Polychlorobiphenyls are toxic, bioaccumulative, and persistent chemicals whose intentional manufacture has been banned throughout the developed world. Polychlorobiphenyls may be generated inadvertently during the production of certain pigments, including diarylides. This inadvertent production is allowed under various regulatory schemes, such as the Toxic Substances Control Act in the United States and the Stockholm Convention on Persistent Organic Pollutants. Generally, these regulations require polychlorobiphenyl levels in batches of pigment to be less than certain regulatory limits, usually 50 ppm. A growing body of evidence suggests that the use of pigments is dispersing polychlorobiphenyls throughout the environment. Polychlorobiphenyl congeners associated with pigments have been found throughout the United States in sediments and in surface waters at levels exceeding the prevailing water quality standards. A recent Japanese government study reported measured polychlorobiphenyl concentrations well above 50 ppm in several commercial batches of azo pigments. A strong case may thus be argued that pigment manufacturers should modify existing production processes to reduce, ideally prevent, the formation of polychlorobiphenyls, or develop new pigments that do not have the potential to form polychlorobiphenyls. This paper, the result of a collaboration involving environmental scientists (LR and JG) and a pigment chemist (RC), reviews the evidence for environmental contamination from inadvertent polychlorobiphenyl production in specific pigments, together with a rationalisation of the conclusions based on the reaction mechanisms involved in their manufacture. Broad measures are proposed that might address these issues, both from environmental and from chemical perspectives.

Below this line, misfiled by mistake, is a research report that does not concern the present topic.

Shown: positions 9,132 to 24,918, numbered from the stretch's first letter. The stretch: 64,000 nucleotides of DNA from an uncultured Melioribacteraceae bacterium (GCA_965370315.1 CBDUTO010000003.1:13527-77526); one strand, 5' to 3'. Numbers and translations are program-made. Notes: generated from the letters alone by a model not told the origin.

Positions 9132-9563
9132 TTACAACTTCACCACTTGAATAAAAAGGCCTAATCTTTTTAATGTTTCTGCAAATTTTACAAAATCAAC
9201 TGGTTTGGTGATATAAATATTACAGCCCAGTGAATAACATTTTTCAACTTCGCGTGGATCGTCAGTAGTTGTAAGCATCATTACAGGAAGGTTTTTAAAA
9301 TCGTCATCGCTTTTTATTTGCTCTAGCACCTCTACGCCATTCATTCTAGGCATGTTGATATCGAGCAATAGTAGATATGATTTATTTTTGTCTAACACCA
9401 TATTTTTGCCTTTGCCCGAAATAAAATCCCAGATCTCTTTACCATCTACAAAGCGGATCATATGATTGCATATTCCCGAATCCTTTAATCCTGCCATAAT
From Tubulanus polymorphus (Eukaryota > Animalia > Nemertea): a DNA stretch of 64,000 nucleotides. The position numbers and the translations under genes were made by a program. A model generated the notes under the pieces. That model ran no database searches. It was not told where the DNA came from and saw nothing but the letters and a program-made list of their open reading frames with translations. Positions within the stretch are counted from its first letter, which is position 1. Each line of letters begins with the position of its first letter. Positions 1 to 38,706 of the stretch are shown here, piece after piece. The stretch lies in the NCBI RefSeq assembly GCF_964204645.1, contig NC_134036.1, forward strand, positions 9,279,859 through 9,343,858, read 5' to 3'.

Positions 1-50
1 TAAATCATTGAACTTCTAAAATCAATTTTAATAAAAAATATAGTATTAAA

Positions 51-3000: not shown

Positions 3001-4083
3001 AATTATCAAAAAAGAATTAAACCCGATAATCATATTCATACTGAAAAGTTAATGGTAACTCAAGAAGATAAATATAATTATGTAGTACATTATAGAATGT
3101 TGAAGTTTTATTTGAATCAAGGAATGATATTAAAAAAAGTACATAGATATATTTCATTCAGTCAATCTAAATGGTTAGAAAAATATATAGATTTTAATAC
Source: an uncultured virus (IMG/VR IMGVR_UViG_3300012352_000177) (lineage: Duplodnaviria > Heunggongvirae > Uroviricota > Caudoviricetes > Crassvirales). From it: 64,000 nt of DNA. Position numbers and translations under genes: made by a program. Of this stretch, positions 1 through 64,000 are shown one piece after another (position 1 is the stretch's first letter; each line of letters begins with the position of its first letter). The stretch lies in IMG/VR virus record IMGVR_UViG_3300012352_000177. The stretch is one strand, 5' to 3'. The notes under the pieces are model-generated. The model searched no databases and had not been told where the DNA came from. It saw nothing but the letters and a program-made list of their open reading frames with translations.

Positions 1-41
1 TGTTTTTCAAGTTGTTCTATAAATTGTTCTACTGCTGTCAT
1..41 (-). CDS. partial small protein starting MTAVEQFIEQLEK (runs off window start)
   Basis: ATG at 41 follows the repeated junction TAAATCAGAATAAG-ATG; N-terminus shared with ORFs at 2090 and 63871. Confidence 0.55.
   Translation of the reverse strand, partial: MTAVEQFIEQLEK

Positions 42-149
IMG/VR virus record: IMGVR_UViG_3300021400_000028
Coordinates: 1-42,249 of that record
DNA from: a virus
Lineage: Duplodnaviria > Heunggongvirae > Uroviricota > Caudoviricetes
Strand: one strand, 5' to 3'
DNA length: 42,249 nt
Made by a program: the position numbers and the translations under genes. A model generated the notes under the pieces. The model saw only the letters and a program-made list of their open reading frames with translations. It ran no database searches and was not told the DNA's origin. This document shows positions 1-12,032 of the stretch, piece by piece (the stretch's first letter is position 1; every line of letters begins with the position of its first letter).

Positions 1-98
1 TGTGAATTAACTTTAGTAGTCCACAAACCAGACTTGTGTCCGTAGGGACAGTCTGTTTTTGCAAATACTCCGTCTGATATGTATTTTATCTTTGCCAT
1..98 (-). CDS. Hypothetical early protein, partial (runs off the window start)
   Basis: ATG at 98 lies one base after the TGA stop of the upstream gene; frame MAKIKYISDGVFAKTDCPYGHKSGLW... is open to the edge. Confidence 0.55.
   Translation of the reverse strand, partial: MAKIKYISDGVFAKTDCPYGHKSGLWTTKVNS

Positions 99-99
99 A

ASJC Scopus subject areas
- Chemistry (miscellaneous)
- Chemical Engineering(all)
- Materials Science (miscellaneous)